Constitutional Law

Constitutional Law: A constitution is an instrument of government made by the people, establishing the structure of a country, regulating the powers and functions of government, the rights and duties of the individual and providing remedies for unconstitutional acts. In the human realm, the powers of government are wide and awesome, and the consequences of the exercise of the powers of government cannot be foretold.

A government by its policies or acts can regulate, sustain, recognize, standardize, kill or destroy any individual, people, body, enterprise or section of the country.
Therefore, the powers of government and public authorities must be properly defined and limited for there to be safety, and any procedure for the exercise of powers properly specified under the law and followed.

When the powers of government are not defined and limited under law, government may go wild and arbitrary and unimaginable hardship and consequences maybe visited on the people on the other hand if the powers, rights and duties of government are not defined by law, government may be hindered from discharging its constitutional and legitimate duties.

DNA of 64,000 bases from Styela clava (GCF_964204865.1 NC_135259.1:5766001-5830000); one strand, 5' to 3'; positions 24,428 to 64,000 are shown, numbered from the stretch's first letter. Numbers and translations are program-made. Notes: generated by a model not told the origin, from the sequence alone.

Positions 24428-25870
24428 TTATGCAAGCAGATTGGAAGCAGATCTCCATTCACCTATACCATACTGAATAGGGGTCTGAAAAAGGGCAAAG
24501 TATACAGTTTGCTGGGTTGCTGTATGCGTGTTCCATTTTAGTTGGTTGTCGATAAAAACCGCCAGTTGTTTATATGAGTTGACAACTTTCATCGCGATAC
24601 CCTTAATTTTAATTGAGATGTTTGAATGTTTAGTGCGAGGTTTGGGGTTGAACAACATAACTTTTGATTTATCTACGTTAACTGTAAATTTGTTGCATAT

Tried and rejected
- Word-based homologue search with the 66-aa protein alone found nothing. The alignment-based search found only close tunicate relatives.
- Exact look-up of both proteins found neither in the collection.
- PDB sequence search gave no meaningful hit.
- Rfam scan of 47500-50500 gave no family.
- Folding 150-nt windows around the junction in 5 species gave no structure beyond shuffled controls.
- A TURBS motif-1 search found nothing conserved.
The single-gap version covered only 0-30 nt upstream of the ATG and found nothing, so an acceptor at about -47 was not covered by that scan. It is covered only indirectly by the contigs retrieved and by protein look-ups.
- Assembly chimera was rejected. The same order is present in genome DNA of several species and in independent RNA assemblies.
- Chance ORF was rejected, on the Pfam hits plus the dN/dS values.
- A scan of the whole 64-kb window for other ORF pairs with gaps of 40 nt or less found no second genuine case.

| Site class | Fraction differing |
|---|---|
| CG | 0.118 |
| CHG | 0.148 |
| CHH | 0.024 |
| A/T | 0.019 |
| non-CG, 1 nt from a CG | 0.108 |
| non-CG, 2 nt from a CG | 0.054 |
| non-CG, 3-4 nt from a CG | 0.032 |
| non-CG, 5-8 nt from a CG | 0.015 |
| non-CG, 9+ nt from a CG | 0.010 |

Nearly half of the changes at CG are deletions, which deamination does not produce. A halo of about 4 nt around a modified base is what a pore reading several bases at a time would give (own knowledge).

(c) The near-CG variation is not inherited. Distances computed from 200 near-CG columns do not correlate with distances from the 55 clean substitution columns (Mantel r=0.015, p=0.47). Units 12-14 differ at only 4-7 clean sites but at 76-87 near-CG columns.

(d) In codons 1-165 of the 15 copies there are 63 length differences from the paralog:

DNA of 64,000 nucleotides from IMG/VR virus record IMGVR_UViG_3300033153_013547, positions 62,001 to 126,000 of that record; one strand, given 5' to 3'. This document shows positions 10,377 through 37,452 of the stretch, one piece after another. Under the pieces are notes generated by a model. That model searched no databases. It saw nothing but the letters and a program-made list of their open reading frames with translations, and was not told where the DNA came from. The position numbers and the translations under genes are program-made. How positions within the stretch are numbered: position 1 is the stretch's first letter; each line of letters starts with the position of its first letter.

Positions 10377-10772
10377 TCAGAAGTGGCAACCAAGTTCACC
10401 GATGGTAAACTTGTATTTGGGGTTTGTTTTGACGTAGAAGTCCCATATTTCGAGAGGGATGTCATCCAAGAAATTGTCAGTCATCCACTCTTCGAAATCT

Constitutional law is the study of the constitution., Acts of the National Assembly, Judicial precedents, Doctrine of necessity are constitutional laws.

A constitution in a concrete sense simply means that the laws that make up the constitution of a country are authoritatively ordained or codified in a single document. On the other hand when we talk of the meaning of a constitution in abstract sense it means that the laws that make up the constitution of the country consisting of conventions, act of parliament, judicial precedents etc cannot be found in a single document.

When a government or public authority does what it has no power to do, such act is ultra vires, unconstitutional, null and void and it is liable to be set aside by court, at the suit of an agreed party. See the cases of:

  • Williams V. Majekodunmi; and
  • Agbaje V. Commissioner of Police.
  • Garba & Ors V. University of Maidugri: in this case, Uwais JSC as he then was said “It is the view of this court that when a person is accused of committing a criminal offence, he must be taken to a court of law for trial and not merely be dealt with by a tribunal”.

Sources of Constitutional Law

  1. Conventions
  2. Judicial precedent
  3. Past constitutions of the state
  4. International laws
  5. Writings of jurists or highly learned scholars in the field of constitutional law.

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